In 1997, the Chicago Housing Authority moved Twanna Johnson and her four children out of a Cabrini-Green high-rise on Chicago’s Near North Side.

With the help of a federal Section 8 rental subsidy, Johnson, 31, moved more than eight miles south to a privately-owned apartment in Washington Park. Hoping to maintain stability for her children while the family waited to move back to a redeveloped Cabrini, Johnson kept them at the Cabrini-area schools they have attended since kindergarten.

That decision turned out to be wise. Her old high-rise at 1150-60 N. Sedgwick St. has been demolished. And since 1997, Johnson has moved three times, from one end of the city to the other. Without the option of schooling at Cabrini, the children, now ages 5 to 11, would have been shuttled from school to school, she said.

Such moves can disrupt children’s academic progress, said David Kerbow, research associate at the University of Chicago’s Center for School Improvement. And leaving the CHA will likely “prompt not one move, but a series of moves.”

Every school day, Johnson puts the children on the No. 70 Division bus and rides with them from the Far West Side to their old Cabrini-area schools. Her family is one of 2,652 displaced from the CHA between 1995 and 2000 who have used Section 8 vouchers to settle in new homes.

Nearly 5,700 CHA residents have transferred out of 23 elementary and middle schools that serve the five CHA developments undergoing the most rapid change.

They are: Addams-Brooks-Loomis-Abbott (ABLA) on the Near Southwest Side, Cabrini-Green on the Near North Side, the Henry Horner Homes on the Near West Side, and the South Side’s Ida B. Wells/Madden Park Homes and Robert Taylor Homes. The children who lived in them have transferred to hundreds of schools, most on the South and West sides. Another 996 children moved to the suburbs or out of state.

Adjusting to new schools or traveling long distances to attend their old neighborhood schools are two of the consequences facing children who move out of public housing, according to a joint investigation by The Chicago Reporter and CATALYST: Voices of Chicago School Reform.

The Reporter and CATALYST compared demographic and academic data for the 23 schools with the 421 “destination” schools the students now attend.

Data collected by the Consortium on Chicago School Research, an independent non-profit that assesses school reform, shows that the number of CHA residents attending the 23 schools dropped by 35.5 percent to 6,616 in September 2000. As of last fall, 720 students who have left the five CHA developments since 1995 still attended their original schools.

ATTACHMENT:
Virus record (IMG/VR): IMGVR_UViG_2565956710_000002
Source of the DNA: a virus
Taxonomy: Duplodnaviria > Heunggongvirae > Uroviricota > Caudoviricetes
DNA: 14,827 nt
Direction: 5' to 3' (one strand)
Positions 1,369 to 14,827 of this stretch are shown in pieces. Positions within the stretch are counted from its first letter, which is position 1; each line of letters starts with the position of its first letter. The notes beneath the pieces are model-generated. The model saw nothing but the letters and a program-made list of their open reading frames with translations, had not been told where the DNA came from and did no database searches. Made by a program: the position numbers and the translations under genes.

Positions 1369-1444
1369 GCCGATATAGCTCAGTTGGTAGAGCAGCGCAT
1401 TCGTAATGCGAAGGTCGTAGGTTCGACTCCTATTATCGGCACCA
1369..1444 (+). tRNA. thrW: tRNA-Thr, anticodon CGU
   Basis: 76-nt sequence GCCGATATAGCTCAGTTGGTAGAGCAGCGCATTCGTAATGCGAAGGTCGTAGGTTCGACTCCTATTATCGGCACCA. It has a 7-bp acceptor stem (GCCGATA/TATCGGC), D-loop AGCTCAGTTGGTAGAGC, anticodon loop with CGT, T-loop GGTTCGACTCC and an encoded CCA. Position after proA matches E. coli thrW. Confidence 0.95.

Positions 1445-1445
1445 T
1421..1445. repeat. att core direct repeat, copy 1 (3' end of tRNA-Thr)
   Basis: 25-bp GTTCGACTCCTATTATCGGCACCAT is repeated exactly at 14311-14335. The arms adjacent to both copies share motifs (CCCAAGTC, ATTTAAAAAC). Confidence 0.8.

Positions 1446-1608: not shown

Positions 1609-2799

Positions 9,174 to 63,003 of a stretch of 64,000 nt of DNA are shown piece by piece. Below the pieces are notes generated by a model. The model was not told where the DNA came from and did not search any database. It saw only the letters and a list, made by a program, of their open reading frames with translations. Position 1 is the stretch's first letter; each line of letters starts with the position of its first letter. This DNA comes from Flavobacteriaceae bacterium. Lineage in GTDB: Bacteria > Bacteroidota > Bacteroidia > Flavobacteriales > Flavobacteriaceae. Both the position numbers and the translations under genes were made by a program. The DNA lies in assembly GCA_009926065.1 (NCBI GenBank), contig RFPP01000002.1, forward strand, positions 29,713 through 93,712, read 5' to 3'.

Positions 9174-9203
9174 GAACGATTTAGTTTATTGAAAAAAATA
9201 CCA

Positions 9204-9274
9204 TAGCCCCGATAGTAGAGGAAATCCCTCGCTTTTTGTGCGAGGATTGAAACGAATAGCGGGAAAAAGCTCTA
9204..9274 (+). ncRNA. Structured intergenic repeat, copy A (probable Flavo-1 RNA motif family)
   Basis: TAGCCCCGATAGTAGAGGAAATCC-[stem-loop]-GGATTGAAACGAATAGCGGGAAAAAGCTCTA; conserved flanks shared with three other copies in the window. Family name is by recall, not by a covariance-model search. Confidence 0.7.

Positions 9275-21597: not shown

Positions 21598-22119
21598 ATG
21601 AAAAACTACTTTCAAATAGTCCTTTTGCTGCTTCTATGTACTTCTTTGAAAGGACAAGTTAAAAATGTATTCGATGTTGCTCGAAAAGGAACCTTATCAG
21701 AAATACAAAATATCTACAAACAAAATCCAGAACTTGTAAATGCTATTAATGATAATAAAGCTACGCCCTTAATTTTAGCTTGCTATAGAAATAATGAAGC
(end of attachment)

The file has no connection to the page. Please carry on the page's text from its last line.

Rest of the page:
The investigation also found:

–¢ In March 2001, about 733 former CHA residents were receiving transportation assistance to travel back to their former schools, up from 200 last fall. But school and housing officials disagree on who should pay for it.

–¢ Most of the students now attend schools that are as racially isolated, and have similar concentrations of low-income and low-achieving students, as the ones they left. Experts say these schools are already under stress and probably cannot help students make a transition.

–¢ Chicago Public Schools officials acknowledge they have no formal programs or policies to ease the transition for students who must transfer because of CHA redevelopment. Chief Officer of Schools and Regions Blondean Davis told the Reporter the system has many programs that help all low-income students, but she pledged to do more to prepare schools for CHA families.

In September 1999, the public schools began providing busing or free Chicago Transportation Authority passes for students who leave CHA developments. But the schools guarantee those students transportation for only one academic year, Davis said. After that, many will have to transfer or pay their own way.

But that position is not “written in stone,” Davis said. For instance, if a principal requests that a child stay at a school beyond one year, or a displaced family has “moved three times in three years,” they could qualify for additional assistance.

Kimberly Scott’s six children, ages 5 to 12, get free CTA passes to travel from Englewood on the South Side to Edward Jenner Academy of the Arts, 1119 N. Cleveland Ave., in the Cabrini area. Before settling again at Jenner, the former Cabrini family had switched schools three times. Destaney, Scott’s third-grader, is struggling to read, and now gets extra help from a Jenner tutor. “I like how she’s progressing,” Scott said. “I don’t want to take her away from that and put her in another school.”

Scott, 29, who makes $6.50 an hour as a housekeeper at the United Center, would have to pay $180 a month for her children’s bus passes. More than 90 percent of CHA families earn less than $20,370, 30 percent of the Chicago-area’s median annual income, CHA documents show.

Cutting off transportation funds for displaced CHA families could violate the Illinois School Code, which requires that Chicago schools “allow low-income students to have access to transportation needed to exercise school choice.”

But Marilyn F. Johnson, general counsel for the Chicago Board of Education, said that provision was meant “to promote desegregation” and “is not operative now.” The CHA transportation policy is modeled on a plan to provide transportation for homeless students, she said.

The public schools encourage parents to send their children to neighborhood schools, Davis said. However, “we’re not forcibly transferring them. We’re just saying at some point we can’t assume the cost.” She added, “we’re utilizing every bus that is available in the city to rent. There aren’t any more buses.”

Making Moves

Mary Sistrunk and her six children, ages 2 to 12, have moved four times since Nov. 18, 1997, when they left 5323 S. Federal St., a now-demolished Robert Taylor Homes high-rise. The children switched schools each time. “My kids used to be A and B students, but now mostly get Cs,” said Sistrunk, 29.

Although every Section 8 apartment she rented passed an initial quality inspection, they later failed, forcing the family to move, Sistrunk said. Federally subsidized housing is subject to annual inspections.

Every time she enrolls her children in a new school, she has “a one-on-one with the principal” and meets with teachers. Some principals have disapproved of the family’s frequent moves, she said. “I try to explain to them [that] I fight hard to keep them in school,” Sistrunk added, but without a job or a car, she can’t afford to take the children far from home.